Getting in Their Good Graces
There's a fine line between being complimentary and being a suck-up. But, if you've read "Does brownnosing really pay off?," you know that compliments can work to help get in someone's good graces -- as long as you aren't too obvious about it.
The key to sounding sincere is to be sincere -- if possible. Find things that you honestly like or admire about the parents. Mention how beautiful their house is, how wonderful the mother's meal tastes, how impressive the father's big-screen TV is. But avoid cheesy, overdone lines, like telling her mom, "You look like you could be her sister!" Even if you don't like something, you can skirt around a compliment without making one. For example, say with a smile, "This is an interesting dish. How do you make the meat so tender?"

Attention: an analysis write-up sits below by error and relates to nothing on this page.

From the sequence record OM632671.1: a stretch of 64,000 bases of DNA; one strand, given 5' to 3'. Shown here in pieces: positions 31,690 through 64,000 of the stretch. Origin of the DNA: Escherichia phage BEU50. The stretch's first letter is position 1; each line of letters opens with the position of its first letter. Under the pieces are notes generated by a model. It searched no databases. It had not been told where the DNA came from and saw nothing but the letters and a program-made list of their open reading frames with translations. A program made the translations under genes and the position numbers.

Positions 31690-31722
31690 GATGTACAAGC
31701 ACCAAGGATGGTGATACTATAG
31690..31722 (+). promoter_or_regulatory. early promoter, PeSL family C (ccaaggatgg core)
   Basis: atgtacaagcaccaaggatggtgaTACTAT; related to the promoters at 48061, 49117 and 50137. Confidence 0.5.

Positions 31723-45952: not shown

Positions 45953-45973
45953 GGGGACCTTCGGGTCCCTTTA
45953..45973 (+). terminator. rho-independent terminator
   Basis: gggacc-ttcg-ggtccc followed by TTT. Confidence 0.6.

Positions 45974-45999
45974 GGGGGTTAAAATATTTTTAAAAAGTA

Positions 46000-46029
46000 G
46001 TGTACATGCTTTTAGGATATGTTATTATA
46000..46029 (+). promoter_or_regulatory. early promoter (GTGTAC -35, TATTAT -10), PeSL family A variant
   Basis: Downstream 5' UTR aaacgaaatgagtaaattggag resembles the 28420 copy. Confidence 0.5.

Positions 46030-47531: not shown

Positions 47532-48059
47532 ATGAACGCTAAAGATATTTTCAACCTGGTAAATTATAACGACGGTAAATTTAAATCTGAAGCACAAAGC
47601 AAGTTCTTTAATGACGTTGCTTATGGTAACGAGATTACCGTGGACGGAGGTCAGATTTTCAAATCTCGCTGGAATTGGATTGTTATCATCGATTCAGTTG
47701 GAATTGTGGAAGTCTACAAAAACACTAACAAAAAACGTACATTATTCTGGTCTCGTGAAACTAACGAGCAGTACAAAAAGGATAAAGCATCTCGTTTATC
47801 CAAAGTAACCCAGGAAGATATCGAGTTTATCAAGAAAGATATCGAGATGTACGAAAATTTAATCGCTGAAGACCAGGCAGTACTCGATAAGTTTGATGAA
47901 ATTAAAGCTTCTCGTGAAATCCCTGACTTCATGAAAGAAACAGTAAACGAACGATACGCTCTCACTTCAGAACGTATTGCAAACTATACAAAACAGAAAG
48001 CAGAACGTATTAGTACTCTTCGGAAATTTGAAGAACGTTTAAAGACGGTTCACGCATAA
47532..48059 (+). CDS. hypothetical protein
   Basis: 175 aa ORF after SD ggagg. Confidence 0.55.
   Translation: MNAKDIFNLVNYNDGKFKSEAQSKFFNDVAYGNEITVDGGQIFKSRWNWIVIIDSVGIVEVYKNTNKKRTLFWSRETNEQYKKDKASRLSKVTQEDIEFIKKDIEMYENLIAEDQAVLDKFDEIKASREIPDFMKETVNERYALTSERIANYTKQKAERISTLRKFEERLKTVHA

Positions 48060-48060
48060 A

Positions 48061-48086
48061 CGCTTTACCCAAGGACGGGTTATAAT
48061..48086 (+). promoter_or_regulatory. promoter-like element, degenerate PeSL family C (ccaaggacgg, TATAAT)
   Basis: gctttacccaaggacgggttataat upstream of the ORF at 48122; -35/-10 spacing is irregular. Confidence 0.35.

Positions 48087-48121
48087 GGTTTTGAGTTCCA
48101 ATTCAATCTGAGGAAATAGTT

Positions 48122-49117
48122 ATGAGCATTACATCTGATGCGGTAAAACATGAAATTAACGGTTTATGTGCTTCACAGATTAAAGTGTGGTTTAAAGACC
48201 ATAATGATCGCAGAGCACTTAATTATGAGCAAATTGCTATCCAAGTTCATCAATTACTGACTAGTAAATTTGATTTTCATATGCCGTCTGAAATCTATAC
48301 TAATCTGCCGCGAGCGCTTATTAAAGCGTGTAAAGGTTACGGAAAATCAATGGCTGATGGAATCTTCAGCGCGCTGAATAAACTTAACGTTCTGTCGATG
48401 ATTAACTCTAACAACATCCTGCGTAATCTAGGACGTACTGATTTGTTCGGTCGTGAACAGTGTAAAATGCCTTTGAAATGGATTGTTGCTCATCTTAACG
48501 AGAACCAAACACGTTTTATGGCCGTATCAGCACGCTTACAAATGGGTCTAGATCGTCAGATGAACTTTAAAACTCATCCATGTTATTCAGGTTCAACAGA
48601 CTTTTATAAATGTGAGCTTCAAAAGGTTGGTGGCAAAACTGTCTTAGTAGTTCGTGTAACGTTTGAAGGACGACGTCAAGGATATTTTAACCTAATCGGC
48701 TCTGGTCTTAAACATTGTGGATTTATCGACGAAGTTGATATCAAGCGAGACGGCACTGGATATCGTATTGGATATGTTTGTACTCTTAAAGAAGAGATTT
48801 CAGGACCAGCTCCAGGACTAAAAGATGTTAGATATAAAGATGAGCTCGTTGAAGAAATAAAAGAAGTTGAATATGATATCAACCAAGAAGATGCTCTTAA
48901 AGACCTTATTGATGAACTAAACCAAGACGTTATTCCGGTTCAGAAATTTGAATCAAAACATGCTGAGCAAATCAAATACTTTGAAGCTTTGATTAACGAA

Experts agree that you'll need to respect the house rules. If you're staying overnight, and they put you in separate rooms, obey their wishes.
Parents pay close attention to how a new beau treats their beloved princess. One of the best ways to prove your good intentions is to treat your girlfriend will all the respect and attention they know she deserves. Offer to take her coat, carry something for her or refill her glass.
But don't go so far as to show unseemly public displays of affection (or PDA). Anything more than holding hands or a peck on the cheek will probably make the parents uncomfortable and suspicious of you.